We discuss our recent work on how to implement topological quantum computation using superconducting wire arrays. Our results indicate that this is possible to do using components that are available today, in principle. For example, quantum annealer-type, or similar, systems can serve as a starting point. Conceptually, our approach is based on the principle of combinatorial gauge symmetry that we introduced. This principle also leads to topological states of matter that are interesting in their own right.
Dr. Claudio Chamon is Professor of Physics at Boston University. He received a B.S. in Aeronautics & Astronautics, an M.S. in Electrical Engineering & Computer Science, & a Ph.D. in Physics from the Massachusetts Institute of Technology (MIT). He received Sloan & Simons Fellowships, was a Visiting Fellow at Trinity College, University of Cambridge, & was a Visiting Professor at ETH Zurich. He has made important contributions to the fields of condensed matter physics, & is an elected Fellow of the American Physics Society. He is internationally recognized in his field, & has given invited talks at numerous conferences, including two Nobel Symposia.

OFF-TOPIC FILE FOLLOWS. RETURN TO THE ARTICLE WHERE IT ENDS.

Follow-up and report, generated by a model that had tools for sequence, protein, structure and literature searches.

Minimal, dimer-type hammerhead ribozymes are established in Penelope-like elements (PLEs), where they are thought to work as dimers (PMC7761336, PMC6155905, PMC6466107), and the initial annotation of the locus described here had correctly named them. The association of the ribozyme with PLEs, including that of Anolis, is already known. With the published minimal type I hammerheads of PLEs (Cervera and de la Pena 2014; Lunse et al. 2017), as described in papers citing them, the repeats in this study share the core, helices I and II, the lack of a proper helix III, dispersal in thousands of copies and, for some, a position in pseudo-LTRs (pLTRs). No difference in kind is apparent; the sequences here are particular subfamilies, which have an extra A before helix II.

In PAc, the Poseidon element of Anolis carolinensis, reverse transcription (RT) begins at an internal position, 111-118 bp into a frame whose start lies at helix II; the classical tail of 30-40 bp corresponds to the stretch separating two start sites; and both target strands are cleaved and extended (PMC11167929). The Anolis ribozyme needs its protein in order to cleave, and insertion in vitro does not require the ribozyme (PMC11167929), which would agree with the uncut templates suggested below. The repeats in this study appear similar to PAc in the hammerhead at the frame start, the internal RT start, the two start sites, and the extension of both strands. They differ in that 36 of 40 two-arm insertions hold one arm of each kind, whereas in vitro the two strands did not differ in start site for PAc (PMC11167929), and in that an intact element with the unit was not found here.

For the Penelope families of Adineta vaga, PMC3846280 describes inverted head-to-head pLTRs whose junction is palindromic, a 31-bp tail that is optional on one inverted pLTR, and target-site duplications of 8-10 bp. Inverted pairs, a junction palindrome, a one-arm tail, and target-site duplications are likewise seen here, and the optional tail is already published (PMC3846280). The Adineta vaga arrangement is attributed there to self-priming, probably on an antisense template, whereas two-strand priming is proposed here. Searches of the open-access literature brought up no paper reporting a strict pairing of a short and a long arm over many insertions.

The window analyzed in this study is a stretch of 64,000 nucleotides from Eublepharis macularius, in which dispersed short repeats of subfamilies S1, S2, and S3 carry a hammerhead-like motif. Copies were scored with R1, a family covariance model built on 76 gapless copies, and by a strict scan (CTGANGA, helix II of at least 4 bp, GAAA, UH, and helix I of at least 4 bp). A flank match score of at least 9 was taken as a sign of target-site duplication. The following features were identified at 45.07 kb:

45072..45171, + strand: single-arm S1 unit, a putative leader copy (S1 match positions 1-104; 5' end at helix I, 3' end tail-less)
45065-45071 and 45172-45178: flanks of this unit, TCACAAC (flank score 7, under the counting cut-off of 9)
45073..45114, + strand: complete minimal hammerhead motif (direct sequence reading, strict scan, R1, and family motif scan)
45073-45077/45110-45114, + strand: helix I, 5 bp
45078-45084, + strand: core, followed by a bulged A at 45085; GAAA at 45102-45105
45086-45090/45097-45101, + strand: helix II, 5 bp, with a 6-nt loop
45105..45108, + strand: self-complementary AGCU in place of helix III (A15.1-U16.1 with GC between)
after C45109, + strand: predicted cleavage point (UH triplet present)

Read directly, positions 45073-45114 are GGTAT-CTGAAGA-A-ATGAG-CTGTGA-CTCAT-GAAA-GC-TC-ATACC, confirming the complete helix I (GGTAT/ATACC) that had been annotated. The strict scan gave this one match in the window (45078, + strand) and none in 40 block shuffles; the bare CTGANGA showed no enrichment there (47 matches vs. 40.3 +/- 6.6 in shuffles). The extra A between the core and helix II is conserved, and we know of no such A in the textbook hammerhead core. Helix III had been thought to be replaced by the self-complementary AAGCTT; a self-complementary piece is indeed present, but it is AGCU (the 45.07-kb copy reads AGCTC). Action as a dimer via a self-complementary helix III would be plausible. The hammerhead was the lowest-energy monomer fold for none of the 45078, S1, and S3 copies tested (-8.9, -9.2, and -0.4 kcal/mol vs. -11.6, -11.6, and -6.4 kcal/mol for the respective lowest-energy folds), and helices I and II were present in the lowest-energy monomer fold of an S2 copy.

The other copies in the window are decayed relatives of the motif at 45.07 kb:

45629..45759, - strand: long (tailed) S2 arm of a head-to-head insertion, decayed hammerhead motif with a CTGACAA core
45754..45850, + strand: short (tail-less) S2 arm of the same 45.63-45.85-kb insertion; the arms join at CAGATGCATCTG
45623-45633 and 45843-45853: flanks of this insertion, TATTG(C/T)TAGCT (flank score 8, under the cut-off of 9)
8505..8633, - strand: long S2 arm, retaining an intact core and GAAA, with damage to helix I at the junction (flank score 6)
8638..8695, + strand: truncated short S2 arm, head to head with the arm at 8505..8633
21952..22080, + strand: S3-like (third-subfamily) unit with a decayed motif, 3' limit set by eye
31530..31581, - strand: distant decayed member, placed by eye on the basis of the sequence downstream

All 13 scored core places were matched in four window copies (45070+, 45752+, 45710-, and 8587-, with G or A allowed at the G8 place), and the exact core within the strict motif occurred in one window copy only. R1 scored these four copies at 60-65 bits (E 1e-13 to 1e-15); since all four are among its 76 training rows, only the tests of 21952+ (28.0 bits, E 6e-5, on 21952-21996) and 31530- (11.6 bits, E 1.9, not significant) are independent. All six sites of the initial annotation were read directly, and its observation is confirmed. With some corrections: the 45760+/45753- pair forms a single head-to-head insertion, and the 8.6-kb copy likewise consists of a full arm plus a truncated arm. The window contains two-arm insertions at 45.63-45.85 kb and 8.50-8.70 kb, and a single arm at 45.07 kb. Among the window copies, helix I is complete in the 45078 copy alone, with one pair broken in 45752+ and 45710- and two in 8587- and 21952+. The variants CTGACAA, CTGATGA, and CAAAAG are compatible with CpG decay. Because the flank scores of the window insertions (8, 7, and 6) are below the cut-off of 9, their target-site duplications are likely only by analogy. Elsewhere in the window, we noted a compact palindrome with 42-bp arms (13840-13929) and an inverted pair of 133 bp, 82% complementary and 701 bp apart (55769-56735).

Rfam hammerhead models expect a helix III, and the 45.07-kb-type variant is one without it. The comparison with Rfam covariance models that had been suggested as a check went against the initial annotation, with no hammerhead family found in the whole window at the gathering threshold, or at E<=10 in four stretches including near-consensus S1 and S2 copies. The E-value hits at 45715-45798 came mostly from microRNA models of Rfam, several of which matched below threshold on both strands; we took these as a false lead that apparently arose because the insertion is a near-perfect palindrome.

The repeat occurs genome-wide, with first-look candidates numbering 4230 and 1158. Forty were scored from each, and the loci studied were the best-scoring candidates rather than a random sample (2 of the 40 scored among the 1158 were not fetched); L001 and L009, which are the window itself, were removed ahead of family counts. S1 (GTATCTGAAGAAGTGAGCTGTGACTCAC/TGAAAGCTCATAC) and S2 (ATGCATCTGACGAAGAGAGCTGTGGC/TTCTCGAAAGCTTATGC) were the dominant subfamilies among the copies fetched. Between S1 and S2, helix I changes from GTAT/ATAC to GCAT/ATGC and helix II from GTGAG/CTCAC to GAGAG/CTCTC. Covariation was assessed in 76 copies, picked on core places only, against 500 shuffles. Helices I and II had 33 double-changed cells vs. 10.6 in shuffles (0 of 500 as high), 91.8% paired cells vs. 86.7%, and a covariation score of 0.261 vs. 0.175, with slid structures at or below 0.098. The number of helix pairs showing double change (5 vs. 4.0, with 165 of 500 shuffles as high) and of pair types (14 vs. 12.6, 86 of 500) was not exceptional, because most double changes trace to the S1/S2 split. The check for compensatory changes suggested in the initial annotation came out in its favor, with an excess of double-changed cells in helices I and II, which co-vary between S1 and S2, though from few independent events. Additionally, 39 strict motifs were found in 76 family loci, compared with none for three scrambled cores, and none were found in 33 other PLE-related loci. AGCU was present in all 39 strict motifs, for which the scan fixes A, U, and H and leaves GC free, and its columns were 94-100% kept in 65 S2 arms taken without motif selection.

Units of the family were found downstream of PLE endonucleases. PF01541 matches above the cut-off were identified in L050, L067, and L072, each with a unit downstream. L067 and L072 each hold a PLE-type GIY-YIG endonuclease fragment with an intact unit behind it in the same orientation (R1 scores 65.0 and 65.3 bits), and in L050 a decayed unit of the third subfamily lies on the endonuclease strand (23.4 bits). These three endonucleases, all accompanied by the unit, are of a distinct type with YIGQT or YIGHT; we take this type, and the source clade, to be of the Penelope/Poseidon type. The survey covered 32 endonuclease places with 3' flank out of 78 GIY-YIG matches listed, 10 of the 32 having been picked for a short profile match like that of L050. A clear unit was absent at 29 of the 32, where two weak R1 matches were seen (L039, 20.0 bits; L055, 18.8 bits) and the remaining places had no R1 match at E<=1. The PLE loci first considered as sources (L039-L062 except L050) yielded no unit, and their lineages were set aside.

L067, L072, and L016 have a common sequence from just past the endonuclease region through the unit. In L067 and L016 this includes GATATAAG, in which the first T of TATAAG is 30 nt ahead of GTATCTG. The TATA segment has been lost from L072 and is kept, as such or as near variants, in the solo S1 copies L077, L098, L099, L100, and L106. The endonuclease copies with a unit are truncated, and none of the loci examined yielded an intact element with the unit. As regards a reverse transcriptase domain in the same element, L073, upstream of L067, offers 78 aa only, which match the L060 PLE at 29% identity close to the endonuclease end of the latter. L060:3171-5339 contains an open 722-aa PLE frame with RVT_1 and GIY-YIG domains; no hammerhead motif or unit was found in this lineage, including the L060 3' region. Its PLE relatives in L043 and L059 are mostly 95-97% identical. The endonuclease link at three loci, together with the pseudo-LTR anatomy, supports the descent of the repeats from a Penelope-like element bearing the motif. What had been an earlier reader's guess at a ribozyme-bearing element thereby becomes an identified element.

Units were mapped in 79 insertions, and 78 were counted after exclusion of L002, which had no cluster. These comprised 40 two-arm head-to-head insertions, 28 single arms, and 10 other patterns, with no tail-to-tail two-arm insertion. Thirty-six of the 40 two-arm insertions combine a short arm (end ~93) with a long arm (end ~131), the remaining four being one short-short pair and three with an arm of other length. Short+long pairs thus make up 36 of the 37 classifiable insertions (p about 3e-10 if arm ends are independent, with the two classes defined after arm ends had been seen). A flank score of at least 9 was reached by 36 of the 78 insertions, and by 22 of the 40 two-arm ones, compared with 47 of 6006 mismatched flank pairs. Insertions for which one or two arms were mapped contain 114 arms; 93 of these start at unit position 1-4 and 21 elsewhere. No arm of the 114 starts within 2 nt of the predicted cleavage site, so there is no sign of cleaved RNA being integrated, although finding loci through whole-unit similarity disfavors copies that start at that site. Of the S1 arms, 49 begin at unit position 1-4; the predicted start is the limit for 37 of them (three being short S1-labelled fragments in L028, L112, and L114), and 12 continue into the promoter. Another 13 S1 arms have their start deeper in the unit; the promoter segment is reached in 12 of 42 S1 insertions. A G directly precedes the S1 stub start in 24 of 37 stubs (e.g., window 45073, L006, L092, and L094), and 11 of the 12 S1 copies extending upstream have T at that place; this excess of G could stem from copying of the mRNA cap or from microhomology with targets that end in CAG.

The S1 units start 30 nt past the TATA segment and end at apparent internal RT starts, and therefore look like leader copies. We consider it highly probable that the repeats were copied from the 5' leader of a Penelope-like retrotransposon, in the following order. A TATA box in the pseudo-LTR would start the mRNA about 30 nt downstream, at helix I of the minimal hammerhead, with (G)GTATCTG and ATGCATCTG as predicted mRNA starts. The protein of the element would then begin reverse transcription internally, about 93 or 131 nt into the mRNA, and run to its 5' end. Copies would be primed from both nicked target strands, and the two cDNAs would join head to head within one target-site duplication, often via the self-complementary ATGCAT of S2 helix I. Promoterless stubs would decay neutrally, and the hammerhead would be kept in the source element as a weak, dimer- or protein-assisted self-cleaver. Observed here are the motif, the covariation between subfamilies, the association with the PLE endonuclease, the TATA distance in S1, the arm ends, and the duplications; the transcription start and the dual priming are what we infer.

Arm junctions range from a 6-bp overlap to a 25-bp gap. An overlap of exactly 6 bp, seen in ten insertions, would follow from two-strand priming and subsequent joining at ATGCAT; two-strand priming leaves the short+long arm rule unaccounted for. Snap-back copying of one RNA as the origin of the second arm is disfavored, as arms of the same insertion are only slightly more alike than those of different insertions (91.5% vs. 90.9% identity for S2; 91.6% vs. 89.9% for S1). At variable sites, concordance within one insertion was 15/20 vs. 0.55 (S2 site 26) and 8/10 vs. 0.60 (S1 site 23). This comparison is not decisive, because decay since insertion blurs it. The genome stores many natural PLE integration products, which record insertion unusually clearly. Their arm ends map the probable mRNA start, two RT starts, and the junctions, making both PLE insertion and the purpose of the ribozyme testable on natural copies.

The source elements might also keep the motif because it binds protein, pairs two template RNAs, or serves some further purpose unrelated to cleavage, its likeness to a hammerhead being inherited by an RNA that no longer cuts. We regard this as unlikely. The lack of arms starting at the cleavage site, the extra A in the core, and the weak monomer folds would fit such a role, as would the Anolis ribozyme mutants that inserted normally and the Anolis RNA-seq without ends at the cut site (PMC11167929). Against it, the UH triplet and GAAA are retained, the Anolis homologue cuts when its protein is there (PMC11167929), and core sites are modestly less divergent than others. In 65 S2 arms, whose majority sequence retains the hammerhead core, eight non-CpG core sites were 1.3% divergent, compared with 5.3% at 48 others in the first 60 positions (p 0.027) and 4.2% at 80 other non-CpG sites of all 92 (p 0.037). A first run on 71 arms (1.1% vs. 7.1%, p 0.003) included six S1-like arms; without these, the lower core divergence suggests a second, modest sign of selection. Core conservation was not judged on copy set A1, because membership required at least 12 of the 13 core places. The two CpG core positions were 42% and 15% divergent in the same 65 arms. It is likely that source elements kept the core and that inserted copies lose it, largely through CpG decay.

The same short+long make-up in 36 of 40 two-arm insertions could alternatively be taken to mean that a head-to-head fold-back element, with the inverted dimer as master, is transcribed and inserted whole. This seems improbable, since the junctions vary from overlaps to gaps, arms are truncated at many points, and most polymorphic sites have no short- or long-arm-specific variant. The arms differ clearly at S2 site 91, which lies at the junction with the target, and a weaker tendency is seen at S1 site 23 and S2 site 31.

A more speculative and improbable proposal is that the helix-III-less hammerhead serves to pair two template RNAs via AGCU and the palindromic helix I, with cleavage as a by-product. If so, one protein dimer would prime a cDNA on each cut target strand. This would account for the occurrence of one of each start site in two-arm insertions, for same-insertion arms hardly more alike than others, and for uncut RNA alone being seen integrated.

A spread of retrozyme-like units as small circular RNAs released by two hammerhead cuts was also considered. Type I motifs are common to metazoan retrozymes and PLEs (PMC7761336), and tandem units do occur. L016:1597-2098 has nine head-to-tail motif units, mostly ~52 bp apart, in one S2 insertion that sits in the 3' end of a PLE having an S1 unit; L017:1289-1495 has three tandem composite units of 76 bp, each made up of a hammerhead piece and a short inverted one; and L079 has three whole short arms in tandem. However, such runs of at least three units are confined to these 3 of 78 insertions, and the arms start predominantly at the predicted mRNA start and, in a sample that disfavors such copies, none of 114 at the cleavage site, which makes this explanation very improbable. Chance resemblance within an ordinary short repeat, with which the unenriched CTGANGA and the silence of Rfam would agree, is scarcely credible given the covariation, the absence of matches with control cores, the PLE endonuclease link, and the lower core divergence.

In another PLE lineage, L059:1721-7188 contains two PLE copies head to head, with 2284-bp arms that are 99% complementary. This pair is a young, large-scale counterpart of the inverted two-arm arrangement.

Dmitry received his PhD in Condensed Matter Theory from Yale in 2001. Since then he has spent his career in the financial sector in NYC, most recently as the Chief Risk Officer at Mariner Investment Group. In parallel, he has continued to publish original research in quantum physics. He was the recipient of the National Science Foundation, Yale Gibbs & the Winston Churchill Foundation Fellowships, where he currently serves as a Trustee. Dmitry's work on topological quantum systems is one of the foundational works that is being used by Microsoft in its quantum computing efforts, & has received 3,000 citations.